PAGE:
What are local government elections?
In local government elections you are voting for between one and three councillors to represent youron the local council. There are 388 local councils in England and about 20,000 councillors.
There are different types of council, in the UK and the type of council you have depends on where you live. Unitary Authorities (usually found in urban areas and in Scotland and Wales) cover all local government functions in their area. Two-tier authorities (usually more rural areas) comprise of counties which are made up of districts. The counties and districts are responsible for different policy areas. You can find out more here.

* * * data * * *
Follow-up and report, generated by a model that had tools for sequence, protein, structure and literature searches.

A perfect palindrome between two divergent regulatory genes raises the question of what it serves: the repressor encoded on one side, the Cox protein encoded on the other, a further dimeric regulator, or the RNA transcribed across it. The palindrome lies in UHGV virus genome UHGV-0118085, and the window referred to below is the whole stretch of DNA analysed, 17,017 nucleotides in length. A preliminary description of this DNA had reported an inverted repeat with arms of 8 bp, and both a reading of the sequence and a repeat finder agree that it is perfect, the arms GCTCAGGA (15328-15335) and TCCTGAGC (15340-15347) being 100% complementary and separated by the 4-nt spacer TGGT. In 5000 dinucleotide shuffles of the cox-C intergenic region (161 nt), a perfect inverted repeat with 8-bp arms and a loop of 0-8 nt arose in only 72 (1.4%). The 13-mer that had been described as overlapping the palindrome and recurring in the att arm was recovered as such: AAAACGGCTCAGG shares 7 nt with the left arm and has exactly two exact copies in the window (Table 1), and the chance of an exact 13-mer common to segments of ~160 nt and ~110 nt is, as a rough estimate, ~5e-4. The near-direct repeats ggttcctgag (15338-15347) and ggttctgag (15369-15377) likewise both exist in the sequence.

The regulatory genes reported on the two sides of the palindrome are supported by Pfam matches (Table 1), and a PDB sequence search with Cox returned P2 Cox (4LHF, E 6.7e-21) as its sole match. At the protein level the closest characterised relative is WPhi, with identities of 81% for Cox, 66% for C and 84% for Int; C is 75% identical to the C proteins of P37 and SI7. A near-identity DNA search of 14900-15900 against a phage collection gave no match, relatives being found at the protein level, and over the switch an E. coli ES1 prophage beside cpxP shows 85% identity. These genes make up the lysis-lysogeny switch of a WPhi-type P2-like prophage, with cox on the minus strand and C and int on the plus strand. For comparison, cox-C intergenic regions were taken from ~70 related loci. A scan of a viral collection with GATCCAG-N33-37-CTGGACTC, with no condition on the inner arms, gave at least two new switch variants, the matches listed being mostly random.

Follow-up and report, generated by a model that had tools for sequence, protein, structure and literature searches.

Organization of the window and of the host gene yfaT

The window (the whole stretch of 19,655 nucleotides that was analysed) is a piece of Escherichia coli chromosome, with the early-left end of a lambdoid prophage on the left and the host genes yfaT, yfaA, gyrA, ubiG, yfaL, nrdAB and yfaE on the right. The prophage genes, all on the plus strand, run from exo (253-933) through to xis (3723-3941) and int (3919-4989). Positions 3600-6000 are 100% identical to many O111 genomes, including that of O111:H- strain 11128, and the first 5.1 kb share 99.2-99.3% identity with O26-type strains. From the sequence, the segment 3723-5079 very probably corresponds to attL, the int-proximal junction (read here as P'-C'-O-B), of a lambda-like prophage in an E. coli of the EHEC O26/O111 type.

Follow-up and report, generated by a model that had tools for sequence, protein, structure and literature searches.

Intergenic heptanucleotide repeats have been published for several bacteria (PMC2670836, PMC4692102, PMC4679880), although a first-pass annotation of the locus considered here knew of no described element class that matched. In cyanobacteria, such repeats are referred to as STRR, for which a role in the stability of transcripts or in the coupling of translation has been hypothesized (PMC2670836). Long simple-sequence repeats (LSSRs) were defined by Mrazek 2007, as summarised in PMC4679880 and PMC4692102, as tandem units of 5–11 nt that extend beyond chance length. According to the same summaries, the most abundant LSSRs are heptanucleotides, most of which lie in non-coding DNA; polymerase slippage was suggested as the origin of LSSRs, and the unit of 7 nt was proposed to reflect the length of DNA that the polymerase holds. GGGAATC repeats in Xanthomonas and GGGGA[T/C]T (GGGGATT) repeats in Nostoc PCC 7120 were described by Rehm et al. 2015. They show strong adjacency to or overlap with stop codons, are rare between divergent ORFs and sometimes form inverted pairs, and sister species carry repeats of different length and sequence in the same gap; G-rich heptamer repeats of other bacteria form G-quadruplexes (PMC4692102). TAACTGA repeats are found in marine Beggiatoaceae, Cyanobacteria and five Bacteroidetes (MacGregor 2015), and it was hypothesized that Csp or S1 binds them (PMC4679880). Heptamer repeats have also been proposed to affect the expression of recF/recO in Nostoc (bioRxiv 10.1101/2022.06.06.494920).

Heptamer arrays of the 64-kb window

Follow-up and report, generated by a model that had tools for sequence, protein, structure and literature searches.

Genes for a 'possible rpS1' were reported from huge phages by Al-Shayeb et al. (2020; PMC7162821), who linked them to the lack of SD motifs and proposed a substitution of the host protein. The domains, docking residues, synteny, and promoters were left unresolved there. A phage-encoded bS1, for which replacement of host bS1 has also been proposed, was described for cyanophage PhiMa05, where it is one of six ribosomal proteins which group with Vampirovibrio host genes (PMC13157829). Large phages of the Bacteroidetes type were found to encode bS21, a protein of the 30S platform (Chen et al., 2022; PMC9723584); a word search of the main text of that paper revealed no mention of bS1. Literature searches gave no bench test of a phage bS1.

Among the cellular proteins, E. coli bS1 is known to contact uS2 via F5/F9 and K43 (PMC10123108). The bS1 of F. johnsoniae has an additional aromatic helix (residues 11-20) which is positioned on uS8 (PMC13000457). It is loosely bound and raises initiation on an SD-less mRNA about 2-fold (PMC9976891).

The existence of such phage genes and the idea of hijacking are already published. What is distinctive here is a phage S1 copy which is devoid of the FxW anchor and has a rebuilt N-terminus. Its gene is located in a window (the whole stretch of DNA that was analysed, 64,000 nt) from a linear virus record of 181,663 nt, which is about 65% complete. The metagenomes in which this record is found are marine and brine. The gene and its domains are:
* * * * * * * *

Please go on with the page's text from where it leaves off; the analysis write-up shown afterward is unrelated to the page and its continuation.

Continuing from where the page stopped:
How are councillors elected?
Local candidates can put themselves forward to be elected for a local council ward. Once all the votes have been counted on election day the candidate who has the highest number of votes will be declared the winner.
However, in large wards the 2nd placed candidate winning a council seat for that ward too, meaning that ward has two people representing it. In some rare cases there can even be three people representing one ward.
All candidates that put themselves forward to stand in a local council election must either live in the council catchment area or have a business premise they own and work from that falls within this catchment area.